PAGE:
- Attacks Will Become "Smarter" & More Automated: Just as artificial intelligence and machine learning will help detect and prevent phishing attacks, it will also aid cybercriminals. Attackers are now using these technologies to scan for vulnerabilities and create malware that can better avoid detection. Symantec executives said in a recent blog post that whereas in the past crafting individual messages was labor-intensive and costly, AI-powered toolkits could soon make spearphishing more abundant and easy to perpetrate.
- History Will Repeat Itself: As attackers develop new strategies, they're also bringing back old tactics. Email flooding, a strategy that dates to the 1990s, has been revived as a smokescreen for BEC attacks, spearphishing, and malware. Criminals now use it to flood inboxes and distract victims while they perpetrate fraudulent transactions. According to a global security report by AppRiver, criminals are using distributed span distraction (DSD) to bombard accounts for a period of 12 to 24 hours. Anyone can now pull off an email bomb attack as services on the Dark Web will bomb an email account with 5,000 messages for as little as $20. Kraken — an earlier, simple and effective ransomware — also re-emerged in September 2018 when a researcher found it bundled in an exploit kit, according to an article in Dark Reading.
- Ongoing Attempts to Bypass Two-Factor Authentication: Over the last year, hackers have continuously attempted to bypass two-factor authentication. According to the McAfee Labs 2019 Cybersecurity Threats Report, that won't show any signs of slowing down in the coming year, as cybercriminals continue to develop a stronger and more sophisticated underground to organize and discover new ways to exploit information that is key to authentication such as usernames, passwords, and web session cookies.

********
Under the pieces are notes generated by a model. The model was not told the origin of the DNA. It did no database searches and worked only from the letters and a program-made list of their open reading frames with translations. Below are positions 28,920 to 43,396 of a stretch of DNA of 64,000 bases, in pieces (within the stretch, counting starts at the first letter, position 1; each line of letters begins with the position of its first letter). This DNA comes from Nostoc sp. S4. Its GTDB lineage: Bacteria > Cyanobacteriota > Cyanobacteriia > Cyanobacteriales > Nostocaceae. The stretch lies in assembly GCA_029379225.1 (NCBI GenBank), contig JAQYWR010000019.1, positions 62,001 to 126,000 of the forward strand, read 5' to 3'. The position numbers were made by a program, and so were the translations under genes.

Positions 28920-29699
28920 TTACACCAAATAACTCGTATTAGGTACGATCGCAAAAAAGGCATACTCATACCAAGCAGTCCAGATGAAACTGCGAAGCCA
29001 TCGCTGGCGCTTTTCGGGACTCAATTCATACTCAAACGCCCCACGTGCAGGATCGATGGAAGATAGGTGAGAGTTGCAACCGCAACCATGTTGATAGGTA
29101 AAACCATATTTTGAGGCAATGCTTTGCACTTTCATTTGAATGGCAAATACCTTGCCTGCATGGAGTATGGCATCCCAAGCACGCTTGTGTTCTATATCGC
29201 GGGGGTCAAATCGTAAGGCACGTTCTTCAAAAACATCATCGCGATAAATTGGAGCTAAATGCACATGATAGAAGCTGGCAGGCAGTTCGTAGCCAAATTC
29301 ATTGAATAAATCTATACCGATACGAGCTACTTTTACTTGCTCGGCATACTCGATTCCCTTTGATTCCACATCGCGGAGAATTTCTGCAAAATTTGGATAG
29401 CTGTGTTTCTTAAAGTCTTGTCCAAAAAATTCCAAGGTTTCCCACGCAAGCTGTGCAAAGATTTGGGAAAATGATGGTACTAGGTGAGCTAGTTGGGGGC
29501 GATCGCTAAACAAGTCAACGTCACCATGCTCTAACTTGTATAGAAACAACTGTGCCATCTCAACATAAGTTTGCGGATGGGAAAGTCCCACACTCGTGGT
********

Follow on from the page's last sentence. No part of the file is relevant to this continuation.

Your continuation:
Automation Pluses & Minuses
One of the biggest challenges to mitigating the risk of phishing is keeping up with the sheer volume of attacks. Fidelis Cybersecurity surveyed security practitioners from companies in multiple industries and found 60% of analysts could only handle up to eight investigations per day.
To keep pace with the threats, some modern email security solutions have introduced automation — which, in theory, is of great benefit to SOC and security teams — as automated technology could alleviate the burden of manual phishing investigation and response.
Yet, despite the introduction of automation, automated email security tools in some cases offer only partial automated functionality. For example, fractional automation — like the preset of very basic processes, standardized playbooks, and linear technology built on YARA rules — doesn't actually save security teams time because so much manual input is still required.
Having basic awareness of trending attacks and an understanding of modern attacker preferences is often the first step in measurable risk reduction. However, awareness is not enough; instead, automation that can help security teams expedite the time from threat identification to attack remediation is what will move the needle the most.